Choose to accept this ‘Mission’
You know that guy who narrates movie trailers, usually starting
with, “In a world, where…?”
Well, imagine him saying this:
“From the director of ‘Ratatouille’ comes an action packed thrill ride in which the world hangs on the brink of nuclear annihilation.”
Juxtaposing Pixar’s charming rat tale with high-octane action-adventure actually isn’t too much of a stretch.
Director and Pixar guru Brad Bird’s credits include family friendly – but adventuresome – favorites like “The Iron Giant” and “The Incredibles,” two exciting, animated features done extraordinarily right.
Bird deftly combines story with thematic intrigue, resulting in fun-packed features rich in atmosphere. It shows in “Mission: Impossible – Ghost Protocol,” one of the most enjoyable entries in the franchise.
In “Ghost Protocol,” Bird offers a modern take on the old-school action movie, where actors perform stunts, rather than a computer-generated image doing it for them, and the altogether impressive action sequences are seamlessly tied together.
While the action on screen demands that viewers stretch their imaginations, the atmosphere is immersive enough for folks to just go with it – even when going with it involves Tom Cruise scaling a skyscraper.
In “Ghost Protocol,” Cruise (“Top Gun”) reprises the role of Ethan Hunt, special agent extraordinaire with the IMF (Impossible Missions Force) agency. Russia’s Kremlin has been bombed, and the perpetrator, Kurt Hendricks (Michael Nyqvist, 2009’s “The Girl with the Dragon Tattoo”), has pegged it on Hunt and company.
As a result, IMF is officially dissolved, but its secretary (Tom Wilkinson, “Michael Clayton”) offers Hunt the opportunity to clear his name, expose the truth and stop Hendricks, whose ultimate plan is nuclear annihilation.
Determined that humanity has reached the end of its cycle, Hendricks wishes to usher in World War 3, and it’s up to Hunt and his team members – Benji (Simon Pegg, “Shaun of the Dead”), Jane (Paula Patton, “Precious”) and Brandt (Jeremy Renner, “The Hurt Locker”) – to save the world.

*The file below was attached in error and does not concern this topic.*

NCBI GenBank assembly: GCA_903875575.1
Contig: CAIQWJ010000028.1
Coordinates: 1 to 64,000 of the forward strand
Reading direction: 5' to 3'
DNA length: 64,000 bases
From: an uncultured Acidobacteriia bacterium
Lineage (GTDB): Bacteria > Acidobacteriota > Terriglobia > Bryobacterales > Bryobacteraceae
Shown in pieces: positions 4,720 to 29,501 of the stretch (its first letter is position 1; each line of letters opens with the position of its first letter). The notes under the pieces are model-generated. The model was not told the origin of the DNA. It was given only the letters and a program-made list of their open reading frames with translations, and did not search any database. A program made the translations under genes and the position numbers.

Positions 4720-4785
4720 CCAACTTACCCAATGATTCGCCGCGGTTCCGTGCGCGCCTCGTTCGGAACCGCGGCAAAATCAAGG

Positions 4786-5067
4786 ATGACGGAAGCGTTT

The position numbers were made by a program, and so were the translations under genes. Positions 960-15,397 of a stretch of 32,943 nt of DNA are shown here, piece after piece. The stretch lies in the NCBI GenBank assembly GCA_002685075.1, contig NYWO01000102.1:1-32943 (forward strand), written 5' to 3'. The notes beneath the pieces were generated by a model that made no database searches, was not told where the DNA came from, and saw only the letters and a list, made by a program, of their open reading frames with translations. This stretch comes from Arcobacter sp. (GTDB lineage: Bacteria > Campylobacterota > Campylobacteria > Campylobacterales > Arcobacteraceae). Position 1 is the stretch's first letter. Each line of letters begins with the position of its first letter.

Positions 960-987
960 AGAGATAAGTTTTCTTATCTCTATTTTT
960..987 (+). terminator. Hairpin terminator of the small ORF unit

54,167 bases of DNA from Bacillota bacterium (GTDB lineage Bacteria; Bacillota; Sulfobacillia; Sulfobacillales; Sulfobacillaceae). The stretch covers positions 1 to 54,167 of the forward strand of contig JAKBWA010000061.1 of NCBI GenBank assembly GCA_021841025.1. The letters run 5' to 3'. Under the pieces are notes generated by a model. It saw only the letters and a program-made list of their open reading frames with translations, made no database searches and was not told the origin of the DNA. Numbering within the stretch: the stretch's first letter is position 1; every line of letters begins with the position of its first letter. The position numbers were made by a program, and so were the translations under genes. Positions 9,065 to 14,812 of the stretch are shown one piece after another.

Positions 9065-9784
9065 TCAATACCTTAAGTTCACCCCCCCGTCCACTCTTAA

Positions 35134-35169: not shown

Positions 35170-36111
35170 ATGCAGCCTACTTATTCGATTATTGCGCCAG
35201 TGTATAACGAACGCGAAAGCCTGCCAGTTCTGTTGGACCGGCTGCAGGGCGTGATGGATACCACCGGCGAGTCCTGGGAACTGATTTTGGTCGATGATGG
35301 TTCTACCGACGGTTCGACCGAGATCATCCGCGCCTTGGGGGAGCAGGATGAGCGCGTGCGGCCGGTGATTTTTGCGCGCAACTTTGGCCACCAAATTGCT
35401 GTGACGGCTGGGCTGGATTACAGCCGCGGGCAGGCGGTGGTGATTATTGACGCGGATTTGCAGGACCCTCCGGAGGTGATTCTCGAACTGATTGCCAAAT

Along the way, they must contend with an enemy assassin (Lea Seydoux, “Inglourious Basterds”), infiltrate a shady meeting in a Dubai skyscraper, pursue their query through a monstrous sandstorm and, basically, move from action set piece to action set piece.
And boy do they work. Seeing actual stunt work – apparently, even Cruise did some of his own – raises the stakes and actually invests the viewer in the on-screen action. A brutal fistfight in a mechanized Mumbai parking garage is wince-inducing, gripping and fresh, all rolled into one fist-crunching package.
Making it fun is the trick, and Bird excels at this, including plenty of humorous asides – mostly from Pegg’s nerdy tech whiz character. But it’s the way Bird infuses an ambient lightheartedness that makes “Ghost Protocol” so enjoyable.
The film never takes itself too seriously, despite the fact that, as the title suggests, we’re watching a mission that’s seemingly impossible. It’s a fairly simple plot, one that’s been done time and time again – Nyqvist’s villain isn’t anything new, either, kind of like a second-rate member of the 007 rogues’ gallery – but Bird makes it fun.
His mission, should he choose to accept it, is to keep up the good work.
“Mission: Impossible – Ghost Protocol,” rated PG-13 for sequences of intense action and violence, is playing at Regal Cinema 7 in Boone. For show times, visit http://www.mountaintimes.com/movies.